PHILADELPHIA – Maybe we are dreaming, “cause we have not found many places more charming or beautiful in our travels. But there were slight rumblings this week that there may be a chance for the Sonics to stay in Seattle.

First, we are told by two sources that at last month’s Board of Governors meeting, Clay Bennett informed his fellow owners that he hadn’t closed the door on working out a deal with local officials for a new arena, which has been the sticking point between Sonics ownership and the city for years.

But Bennett also said that he was proceeding with his application to move the team to Oklahoma City when the Sonics’ lease with the city’s Key Arena expires in 2010 in order to protect his business interests. Bennett officially announced his plans to move 10 days ago.

Second, we are told by a local person with extensive knowledge of the negotiations between the city and the team – we will call him Mr. Seattle – that the political ground in the city may have shifted a bit.

Previously, while state officials and the governor’s office tried to help, they weren’t interested in expending political capital when so many in the city had no interest in issuing temporary sales taxes to fund a new building, as was done when the city funded stadiums for the NFL’s Seahawks and baseball’s Mariners.

But those local politicians now know there has to be some public investment to keep the Sonics in Seattle.

“The psychology’s changed,” Mr. Seattle says. “The perception (before) was the rich guy’s trying to get into the public till again. Now, it’s “We’re saving the team.'”

But there are about a million issues to work out. Well, make that 200 million.

Bennett wants a $500 million arena with all the bells and whistles. That is not going to happen.

But the city and state are still willing to talk about a $300 million building, although they have tied any public investment to a requirement that those funds earn money at a rate equivalent to that of treasury bills.

The biggest hurdle: For any agreement to take place, Bennett, who bought the team from Starbucks magnate Howard Schulz for $350 million, still would have to either sell part of or all of his interest in the Sonics to local investors, something he has expressed no interest in doing.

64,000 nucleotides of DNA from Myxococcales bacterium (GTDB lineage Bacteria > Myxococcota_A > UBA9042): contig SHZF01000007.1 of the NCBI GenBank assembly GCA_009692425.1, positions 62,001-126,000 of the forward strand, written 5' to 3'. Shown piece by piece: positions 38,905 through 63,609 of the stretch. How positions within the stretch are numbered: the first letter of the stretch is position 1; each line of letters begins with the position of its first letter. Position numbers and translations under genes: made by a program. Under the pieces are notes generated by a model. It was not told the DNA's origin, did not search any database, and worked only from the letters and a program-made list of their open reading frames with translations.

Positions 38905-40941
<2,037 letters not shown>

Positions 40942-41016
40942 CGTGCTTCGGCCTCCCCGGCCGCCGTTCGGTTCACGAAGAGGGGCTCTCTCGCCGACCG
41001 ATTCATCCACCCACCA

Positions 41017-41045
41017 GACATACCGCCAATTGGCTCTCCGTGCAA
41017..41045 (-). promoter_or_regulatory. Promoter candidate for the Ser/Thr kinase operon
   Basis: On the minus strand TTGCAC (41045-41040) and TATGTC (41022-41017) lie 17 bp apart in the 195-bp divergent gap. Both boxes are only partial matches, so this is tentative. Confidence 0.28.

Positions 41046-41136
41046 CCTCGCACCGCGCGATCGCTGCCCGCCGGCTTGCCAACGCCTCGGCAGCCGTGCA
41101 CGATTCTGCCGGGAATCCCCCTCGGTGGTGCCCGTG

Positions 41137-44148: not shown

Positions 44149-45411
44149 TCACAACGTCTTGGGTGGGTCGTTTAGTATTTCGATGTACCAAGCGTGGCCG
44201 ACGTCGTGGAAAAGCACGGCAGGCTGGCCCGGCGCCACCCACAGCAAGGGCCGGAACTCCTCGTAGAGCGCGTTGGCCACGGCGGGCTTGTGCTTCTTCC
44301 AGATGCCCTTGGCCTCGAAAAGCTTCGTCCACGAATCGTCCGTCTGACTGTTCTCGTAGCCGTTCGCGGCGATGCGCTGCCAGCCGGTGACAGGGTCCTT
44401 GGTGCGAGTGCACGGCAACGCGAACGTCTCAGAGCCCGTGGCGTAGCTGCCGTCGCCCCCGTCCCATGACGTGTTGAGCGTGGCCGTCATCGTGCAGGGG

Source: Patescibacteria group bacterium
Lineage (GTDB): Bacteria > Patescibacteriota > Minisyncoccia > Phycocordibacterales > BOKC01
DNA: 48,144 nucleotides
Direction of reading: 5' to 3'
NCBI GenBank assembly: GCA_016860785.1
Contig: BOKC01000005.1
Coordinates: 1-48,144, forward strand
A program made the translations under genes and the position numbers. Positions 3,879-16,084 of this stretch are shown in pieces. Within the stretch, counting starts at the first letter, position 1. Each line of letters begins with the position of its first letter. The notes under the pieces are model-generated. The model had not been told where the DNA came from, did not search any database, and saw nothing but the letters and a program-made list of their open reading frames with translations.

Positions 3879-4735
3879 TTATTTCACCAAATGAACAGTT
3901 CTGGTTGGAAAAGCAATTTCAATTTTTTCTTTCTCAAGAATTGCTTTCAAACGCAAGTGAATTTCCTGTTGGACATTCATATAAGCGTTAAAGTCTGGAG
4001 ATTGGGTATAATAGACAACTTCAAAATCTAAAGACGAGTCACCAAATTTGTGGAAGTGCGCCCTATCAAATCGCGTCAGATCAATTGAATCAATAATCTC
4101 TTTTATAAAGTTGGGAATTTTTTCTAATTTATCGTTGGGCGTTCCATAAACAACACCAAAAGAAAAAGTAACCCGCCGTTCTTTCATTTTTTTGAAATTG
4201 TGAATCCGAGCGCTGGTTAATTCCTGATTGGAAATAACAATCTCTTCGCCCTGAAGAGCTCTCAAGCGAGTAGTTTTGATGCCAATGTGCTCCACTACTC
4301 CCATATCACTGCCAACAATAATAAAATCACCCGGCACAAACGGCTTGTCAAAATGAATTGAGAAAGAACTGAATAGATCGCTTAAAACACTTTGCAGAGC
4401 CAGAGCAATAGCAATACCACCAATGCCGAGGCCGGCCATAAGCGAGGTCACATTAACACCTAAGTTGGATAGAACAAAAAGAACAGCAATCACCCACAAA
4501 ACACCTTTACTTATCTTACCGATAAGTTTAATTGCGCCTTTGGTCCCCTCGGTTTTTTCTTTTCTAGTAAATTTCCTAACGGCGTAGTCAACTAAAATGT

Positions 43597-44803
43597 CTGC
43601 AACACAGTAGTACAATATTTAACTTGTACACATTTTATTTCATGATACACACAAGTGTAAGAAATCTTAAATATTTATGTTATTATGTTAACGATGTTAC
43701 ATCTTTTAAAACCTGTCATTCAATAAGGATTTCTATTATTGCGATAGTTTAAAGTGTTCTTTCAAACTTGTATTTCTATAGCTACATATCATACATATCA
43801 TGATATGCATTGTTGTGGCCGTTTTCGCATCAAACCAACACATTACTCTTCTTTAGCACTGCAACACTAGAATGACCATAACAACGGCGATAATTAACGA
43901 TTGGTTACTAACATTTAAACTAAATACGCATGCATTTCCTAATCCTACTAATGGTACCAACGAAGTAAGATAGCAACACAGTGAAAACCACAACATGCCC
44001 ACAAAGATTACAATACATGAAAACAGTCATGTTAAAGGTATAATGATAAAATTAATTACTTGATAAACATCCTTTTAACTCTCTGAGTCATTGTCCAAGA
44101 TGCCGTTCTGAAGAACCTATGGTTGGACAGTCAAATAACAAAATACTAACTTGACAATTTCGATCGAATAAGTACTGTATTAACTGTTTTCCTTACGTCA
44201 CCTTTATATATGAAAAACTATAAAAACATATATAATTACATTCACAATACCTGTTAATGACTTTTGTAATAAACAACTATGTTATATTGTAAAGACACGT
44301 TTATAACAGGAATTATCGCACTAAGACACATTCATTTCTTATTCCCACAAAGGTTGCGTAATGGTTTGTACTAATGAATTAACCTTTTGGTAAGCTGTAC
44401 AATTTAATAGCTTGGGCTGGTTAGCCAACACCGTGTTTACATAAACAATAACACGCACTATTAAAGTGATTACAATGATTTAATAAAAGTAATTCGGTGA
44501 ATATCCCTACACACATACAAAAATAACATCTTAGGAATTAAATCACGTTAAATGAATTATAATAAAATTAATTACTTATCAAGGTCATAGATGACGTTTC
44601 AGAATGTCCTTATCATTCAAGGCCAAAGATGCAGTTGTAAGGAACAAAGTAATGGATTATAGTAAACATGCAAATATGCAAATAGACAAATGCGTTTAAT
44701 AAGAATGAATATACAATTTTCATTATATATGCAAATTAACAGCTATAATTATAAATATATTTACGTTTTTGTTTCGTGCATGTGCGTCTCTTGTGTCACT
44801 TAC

Bennett is toxic in the city right now, his cause not helped by minority owner Aubrey McClendon’s statements to an Oklahoma City newspaper in August that Bennett and his group never had any intention of staying in Seattle. (The league relieved McClendon of $250,000 for his comments.)

Some grassroots groups think they can force Bennett into action, and the Muckleshoot Indian Tribe has proposed using a 185-acre property it owns 24 miles from Seattle as a potential arena site. But it’s more likely that any solution will need someone much closer to town with deep, deep pockets to make Bennett an offer he can’t refuse.

“The premium ticket buyer isn’t going to drive an hour to see the game,” Mr. Seattle says of the Muckleshoot plan. “And on a bad day, it’s an hour and a half.”

For its part, the league remains convinced that the die is cast in the Emerald City.

“We’d like nothing more than to hear there is a solution to the arena situation in Seattle, but we have heard nothing of the sort,” NBA general counsel Joel Litvin said Thursday afternoon in a statement.

And NBA commissioner David Stern, continuing his rather heated rhetoric of late about the Sonics, said, at a news conference Thursday announcing Phoenix would get the 2009 All-Star Game, that if the Sonics leave, Seattle won’t be getting a replacement team.

But it is still hard to believe the league would stand idly by while Bennett swaps the nation’s 14th-largest television market for the 45th-largest. Nothing against Oklahoma City, which proved with two years of strong support for the Hornets that it can solidly back an NBA squad. But business is business.

Seattle has filed suit against Bennett in federal court, claiming Bennett is not making a good faith effort to negotiate, and should not be allowed to break the lease at KeyArena before its 2010 expiration date. At the moment, that remains the city’s best hope for keeping the team in town.

The $350 million question remains: Would Bennett sell?

“Only if he thinks he’s stuck here,” Mr. Seattle says.


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